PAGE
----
Another View: E-government is changing
- By Frank McDonough
- Nov 17, 2004
The U.S. government is not the only one trying to figure out the next steps in e-government, outsourcing and communications. At the International Council for IT in Government Administration, held recently in Cyprus, delegates from 26 countries pondered these and many other questions.
All the governments represented at the event are working with varying success on such issues. Smaller governments often lead the way in e-government because they can move faster than big ones.
Here are my main observations:
- The glitter of e-government in its current form is fading. Countries at the forefront of e-gov, such as Canada, are stepping back and rethinking where they are going with e-government. The next phase will be called something else. Many IT officials regard the term 'e-government' as too narrowly focused on technology.
- Outsourcing is here to stay, but managing it is a challenge. You can learn much from Singapore, which has outsourced nearly everything for eight years. Singapore provides monthly report cards to its contractors. The country uses a carefully thought-out program to develop officials who will manage the government's contractors.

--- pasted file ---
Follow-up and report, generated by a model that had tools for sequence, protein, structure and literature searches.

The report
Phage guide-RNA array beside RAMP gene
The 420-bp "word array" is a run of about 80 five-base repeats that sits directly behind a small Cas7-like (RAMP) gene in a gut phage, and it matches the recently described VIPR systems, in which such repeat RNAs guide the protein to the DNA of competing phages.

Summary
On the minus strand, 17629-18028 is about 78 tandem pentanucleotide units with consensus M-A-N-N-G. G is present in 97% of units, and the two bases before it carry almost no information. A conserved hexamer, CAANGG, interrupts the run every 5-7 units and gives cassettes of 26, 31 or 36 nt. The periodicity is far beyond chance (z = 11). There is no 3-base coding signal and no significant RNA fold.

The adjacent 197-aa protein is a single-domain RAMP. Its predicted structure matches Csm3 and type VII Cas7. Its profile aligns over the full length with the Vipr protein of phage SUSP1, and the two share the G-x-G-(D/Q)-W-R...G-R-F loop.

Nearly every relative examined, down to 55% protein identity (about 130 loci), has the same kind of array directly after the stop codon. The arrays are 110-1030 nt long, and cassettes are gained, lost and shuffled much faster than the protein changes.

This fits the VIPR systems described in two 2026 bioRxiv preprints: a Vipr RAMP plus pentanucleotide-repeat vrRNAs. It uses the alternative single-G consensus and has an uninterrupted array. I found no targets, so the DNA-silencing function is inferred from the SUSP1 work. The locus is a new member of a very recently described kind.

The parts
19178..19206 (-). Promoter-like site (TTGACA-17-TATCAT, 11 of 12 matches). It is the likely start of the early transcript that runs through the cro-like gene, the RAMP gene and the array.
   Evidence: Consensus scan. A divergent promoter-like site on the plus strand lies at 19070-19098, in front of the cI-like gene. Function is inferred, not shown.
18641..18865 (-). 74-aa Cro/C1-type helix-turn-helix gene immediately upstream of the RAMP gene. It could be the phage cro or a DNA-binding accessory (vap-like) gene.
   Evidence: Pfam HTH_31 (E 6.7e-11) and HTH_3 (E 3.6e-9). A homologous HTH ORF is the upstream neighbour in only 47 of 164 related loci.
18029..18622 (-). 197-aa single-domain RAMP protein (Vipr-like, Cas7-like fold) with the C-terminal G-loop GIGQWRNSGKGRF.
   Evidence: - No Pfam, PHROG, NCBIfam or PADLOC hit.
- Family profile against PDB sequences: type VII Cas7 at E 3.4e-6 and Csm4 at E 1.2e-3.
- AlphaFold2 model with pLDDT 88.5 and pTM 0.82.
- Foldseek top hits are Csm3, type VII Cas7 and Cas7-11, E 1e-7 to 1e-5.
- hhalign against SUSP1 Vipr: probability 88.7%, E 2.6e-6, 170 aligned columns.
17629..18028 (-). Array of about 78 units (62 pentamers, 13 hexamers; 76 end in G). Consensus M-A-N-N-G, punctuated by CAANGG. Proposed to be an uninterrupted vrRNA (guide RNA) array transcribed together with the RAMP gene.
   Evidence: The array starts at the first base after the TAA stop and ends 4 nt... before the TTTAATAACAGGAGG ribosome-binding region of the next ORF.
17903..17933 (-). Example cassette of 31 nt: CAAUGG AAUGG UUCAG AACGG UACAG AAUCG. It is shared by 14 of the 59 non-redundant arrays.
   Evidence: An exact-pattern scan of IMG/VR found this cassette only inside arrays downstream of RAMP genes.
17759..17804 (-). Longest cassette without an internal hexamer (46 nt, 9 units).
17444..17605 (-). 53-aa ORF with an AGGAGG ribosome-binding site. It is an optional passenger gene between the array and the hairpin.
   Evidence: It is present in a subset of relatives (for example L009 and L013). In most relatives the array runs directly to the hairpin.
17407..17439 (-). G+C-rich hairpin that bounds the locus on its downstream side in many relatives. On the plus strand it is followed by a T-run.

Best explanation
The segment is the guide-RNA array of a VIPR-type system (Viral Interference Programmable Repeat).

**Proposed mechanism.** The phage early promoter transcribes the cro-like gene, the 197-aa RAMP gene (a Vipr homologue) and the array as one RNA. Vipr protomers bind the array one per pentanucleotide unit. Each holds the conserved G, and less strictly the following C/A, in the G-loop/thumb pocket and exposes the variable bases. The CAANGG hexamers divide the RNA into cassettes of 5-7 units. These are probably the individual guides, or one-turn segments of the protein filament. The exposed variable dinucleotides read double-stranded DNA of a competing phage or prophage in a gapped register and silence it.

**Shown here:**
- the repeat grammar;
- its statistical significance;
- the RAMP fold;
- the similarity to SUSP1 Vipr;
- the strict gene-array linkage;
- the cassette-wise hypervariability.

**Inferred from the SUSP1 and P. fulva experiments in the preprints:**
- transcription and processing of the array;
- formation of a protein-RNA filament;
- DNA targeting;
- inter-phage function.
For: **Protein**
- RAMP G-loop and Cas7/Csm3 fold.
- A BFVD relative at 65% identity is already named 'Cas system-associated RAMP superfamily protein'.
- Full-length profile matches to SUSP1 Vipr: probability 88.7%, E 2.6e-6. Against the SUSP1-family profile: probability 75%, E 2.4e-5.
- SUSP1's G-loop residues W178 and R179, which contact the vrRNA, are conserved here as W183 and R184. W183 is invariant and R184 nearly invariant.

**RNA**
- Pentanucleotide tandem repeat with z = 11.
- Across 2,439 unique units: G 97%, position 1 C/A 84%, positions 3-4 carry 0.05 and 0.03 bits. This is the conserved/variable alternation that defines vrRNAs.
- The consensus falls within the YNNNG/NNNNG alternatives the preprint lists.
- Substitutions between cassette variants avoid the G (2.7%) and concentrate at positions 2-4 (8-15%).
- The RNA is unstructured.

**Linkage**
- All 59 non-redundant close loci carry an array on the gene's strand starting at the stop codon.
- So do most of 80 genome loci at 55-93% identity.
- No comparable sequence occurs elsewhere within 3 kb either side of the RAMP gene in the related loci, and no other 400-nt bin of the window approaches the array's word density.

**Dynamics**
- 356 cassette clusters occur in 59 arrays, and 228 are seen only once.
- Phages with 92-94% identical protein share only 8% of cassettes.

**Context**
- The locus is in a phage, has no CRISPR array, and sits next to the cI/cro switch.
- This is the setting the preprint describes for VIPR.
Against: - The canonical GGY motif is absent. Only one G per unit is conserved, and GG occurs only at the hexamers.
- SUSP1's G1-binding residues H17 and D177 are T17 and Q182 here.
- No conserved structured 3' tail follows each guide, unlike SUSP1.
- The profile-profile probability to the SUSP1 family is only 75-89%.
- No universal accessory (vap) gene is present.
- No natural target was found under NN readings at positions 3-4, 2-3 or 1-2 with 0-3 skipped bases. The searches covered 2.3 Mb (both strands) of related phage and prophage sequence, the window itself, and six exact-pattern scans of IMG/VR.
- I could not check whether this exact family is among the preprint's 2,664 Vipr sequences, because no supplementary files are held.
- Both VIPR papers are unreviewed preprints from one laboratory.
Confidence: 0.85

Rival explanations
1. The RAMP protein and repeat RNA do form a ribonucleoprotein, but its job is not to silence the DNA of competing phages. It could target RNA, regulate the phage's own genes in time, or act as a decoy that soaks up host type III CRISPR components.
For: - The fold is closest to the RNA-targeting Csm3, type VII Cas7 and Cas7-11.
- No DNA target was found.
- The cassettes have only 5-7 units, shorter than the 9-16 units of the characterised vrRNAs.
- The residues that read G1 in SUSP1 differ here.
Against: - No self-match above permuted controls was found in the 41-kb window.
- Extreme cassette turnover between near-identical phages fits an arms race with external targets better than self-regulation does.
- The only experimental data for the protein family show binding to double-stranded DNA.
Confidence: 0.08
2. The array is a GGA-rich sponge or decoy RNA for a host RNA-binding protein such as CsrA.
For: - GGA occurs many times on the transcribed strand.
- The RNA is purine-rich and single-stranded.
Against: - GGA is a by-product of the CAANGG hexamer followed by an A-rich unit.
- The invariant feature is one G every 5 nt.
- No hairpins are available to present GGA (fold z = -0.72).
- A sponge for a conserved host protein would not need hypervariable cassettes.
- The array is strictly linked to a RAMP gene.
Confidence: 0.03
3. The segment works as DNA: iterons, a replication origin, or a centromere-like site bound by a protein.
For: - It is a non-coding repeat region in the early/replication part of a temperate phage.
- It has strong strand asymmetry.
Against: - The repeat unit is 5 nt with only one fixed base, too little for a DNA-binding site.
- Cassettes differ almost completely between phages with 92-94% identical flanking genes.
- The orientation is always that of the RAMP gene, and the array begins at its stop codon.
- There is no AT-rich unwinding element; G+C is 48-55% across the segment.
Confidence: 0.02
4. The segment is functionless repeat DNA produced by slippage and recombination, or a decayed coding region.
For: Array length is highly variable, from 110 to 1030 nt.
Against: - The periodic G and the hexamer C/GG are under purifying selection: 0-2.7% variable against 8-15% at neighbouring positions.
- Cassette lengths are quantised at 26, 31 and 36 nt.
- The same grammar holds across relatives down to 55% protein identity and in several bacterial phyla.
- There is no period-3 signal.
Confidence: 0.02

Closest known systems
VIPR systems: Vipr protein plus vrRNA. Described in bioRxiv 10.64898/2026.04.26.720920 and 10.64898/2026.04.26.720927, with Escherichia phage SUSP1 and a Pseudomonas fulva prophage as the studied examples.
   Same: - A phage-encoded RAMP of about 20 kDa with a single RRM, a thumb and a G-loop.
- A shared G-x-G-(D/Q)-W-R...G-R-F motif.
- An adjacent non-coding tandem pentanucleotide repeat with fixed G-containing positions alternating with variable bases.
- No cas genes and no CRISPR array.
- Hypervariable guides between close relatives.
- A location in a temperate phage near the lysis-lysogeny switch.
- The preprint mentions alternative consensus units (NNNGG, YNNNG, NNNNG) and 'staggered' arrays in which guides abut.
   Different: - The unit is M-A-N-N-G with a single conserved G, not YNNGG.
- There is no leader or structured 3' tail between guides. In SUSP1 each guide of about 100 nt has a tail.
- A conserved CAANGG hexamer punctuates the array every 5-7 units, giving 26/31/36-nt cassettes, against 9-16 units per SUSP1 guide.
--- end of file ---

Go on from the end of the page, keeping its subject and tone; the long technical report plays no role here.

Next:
- Obtaining collaboration for intergovernmental or cross-agency programs is a problem in most countries. Great Britain assigns each ministry an efficiency goal and reduces the budget by that amount, forcing ministries to collaborate on such things as joint human resources systems while preserving control over their core functions.
- Every country has an enterprise architecture strategic plan. No country has implemented the plan.
- Spam will only get worse, and most countries find legislation is not a fix.
- Cell phones have far greater potential than many governments make use of.
- Identity and authentication solutions vary in ICA member countries. In Singapore and Israel, everyone must carry an identity card at all times. Most countries are moving closer to eventual adoption of a national identity card.
- Open-source software is not important to national governments, although legislation and policy directives are requiring officials to consider it.
- While performance-based contracting is an attractive option, measuring the benefits of information and communications technologies is not possible with the tools available today.
Australia's Centrelink is a powerful model for other nations to consider. To create Centrelink, Australia consolidated 25,000 people from service delivery functions throughout government into a single organization. Centrelink is one of the rare enterprise solutions applied in de- veloped countries. In the seven years it has been in place, Centrelink has saved $1 billion for the Australian government.
Transformation'the realignment of government functions to create the future, and the final step in e-government'is creeping into discussions as countries explore their end-state opportunities.Frank McDonough is vice president for intergovernmental solutions at Guerra, Kiviat, Flyzik & Associates Inc. of Oak Hill, Va.